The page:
Good hunting

John Longenecker, has usual, has some good advice on what to do about gun control. He is calling for the same thing I have for quite a while:



The FBI is charged with investigating such abuses under color of law, and in the United States Code, a Pattern and Practice of violating rights is an element of the offense, which interests me a great deal. There are rules against abuse of process, abuses under color of authority, but this is something different I see. It comes to address abuses of civil rights specifically under color of existing law, which is to follow a predatory selective enforcement (abuses in themselves) which might ordinarily be simply a conflict in laws, and therefore a matter of legal opinion. In the past, almost throughout the entire history of the nation, it was the Citizen on the defensive, the citizen charged with violating some of the more than 20,000 gun laws, oftentimes facing some real hard time, not to mention legal bankruptcy. Every single defendant citizen had his hands full as the Plaintiff or some enforcement agency had unlimited staff and unlimited funding. They also had the support of unlimited citizens who believed the Agency would not attack a citizen for nothing.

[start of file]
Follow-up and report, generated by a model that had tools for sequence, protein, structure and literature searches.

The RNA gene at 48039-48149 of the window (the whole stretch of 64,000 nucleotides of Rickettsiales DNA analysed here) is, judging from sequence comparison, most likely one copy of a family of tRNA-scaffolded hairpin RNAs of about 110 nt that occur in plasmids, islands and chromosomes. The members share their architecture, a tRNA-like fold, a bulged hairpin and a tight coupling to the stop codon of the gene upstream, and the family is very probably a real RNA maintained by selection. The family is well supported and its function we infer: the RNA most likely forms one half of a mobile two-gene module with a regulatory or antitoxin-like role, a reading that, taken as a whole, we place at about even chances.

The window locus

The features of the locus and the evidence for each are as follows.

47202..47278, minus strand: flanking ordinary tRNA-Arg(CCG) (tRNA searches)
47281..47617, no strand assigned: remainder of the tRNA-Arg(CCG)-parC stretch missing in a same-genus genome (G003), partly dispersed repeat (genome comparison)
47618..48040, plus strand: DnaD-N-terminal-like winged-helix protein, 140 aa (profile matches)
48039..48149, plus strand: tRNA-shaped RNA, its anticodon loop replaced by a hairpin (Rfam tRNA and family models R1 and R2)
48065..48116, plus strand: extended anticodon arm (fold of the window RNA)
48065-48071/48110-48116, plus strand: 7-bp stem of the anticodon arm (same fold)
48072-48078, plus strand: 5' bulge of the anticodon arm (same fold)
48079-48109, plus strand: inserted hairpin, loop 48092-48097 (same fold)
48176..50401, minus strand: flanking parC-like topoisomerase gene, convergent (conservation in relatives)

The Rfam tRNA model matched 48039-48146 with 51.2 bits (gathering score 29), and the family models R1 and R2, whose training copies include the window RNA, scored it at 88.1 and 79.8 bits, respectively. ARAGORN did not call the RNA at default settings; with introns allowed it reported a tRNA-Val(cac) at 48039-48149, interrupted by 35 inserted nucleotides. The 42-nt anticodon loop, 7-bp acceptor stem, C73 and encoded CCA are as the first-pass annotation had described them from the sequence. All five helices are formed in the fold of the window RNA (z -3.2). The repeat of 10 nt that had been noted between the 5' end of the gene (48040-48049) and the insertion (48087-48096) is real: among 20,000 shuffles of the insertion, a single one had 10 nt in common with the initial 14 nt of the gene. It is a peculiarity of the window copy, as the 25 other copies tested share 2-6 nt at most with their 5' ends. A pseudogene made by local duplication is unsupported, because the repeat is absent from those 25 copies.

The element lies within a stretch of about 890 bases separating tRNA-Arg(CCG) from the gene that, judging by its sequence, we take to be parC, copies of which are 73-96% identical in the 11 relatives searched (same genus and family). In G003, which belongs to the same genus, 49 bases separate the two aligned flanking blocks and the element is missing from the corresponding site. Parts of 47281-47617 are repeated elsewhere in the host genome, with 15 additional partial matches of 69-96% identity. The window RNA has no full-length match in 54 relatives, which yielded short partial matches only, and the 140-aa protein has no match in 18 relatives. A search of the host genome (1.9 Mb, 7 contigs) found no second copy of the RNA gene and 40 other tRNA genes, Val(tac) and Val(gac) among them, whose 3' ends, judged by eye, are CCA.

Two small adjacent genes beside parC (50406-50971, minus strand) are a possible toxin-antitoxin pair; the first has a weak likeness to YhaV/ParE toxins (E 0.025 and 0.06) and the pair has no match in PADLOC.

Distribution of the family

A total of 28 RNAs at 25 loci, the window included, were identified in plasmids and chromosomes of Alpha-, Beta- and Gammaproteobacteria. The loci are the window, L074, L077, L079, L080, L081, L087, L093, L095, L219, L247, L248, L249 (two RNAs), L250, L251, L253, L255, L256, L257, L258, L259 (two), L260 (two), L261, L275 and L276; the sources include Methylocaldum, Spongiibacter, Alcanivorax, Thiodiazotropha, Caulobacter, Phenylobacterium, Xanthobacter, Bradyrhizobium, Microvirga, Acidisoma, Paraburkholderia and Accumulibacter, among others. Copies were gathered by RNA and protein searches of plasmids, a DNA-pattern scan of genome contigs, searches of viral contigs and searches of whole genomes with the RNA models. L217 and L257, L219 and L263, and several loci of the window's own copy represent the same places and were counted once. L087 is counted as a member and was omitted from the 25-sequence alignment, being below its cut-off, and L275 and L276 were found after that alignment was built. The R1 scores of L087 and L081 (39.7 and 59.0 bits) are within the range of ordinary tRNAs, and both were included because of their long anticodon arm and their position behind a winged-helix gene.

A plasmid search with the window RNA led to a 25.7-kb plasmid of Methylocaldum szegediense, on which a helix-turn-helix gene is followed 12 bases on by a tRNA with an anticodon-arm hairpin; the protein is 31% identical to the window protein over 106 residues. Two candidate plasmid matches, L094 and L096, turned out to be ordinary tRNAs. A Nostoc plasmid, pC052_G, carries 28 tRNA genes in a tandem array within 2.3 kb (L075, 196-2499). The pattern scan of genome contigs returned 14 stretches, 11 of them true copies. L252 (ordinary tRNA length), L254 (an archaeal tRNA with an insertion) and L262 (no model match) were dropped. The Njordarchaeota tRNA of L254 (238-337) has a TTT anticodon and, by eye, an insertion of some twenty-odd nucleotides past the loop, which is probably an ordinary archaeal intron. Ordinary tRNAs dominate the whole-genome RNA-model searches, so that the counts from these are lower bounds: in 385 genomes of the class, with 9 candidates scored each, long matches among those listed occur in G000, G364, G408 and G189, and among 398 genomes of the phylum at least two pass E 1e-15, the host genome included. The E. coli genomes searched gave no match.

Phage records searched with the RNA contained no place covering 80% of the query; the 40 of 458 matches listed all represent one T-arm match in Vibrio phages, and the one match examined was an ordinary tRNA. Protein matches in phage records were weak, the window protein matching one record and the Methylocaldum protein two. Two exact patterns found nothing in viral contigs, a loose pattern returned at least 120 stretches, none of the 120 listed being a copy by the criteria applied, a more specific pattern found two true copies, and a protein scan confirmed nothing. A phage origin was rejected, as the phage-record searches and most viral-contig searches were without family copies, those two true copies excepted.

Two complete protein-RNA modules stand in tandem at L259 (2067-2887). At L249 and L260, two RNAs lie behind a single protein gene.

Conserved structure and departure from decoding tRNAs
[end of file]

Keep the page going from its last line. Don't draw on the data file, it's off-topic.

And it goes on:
But, under this legal tool, for the intentional acts of a defendant who is now more likely to be not a citizen but a college campus, an employer’s workplace or a major city, there is no conflict of laws to hide behind, but more of a naked violation of civil rights to answer.


I would like to think we hare entered a completely new era in our fight against oppression of gun owners. The good guys are now on the offensives and the criminals are taking cover and hiding. I join Longenecker in saying:



In the Heller case, I point out that one can win their rights if they have the Time, the Team and the Wherewithal, and I point out often that D.C. v. Heller will mean new challenges to gun bans nationwide. To them, and to citizens prosecuting their claims, I said Good Hunting.


I say it again: Good Hunting.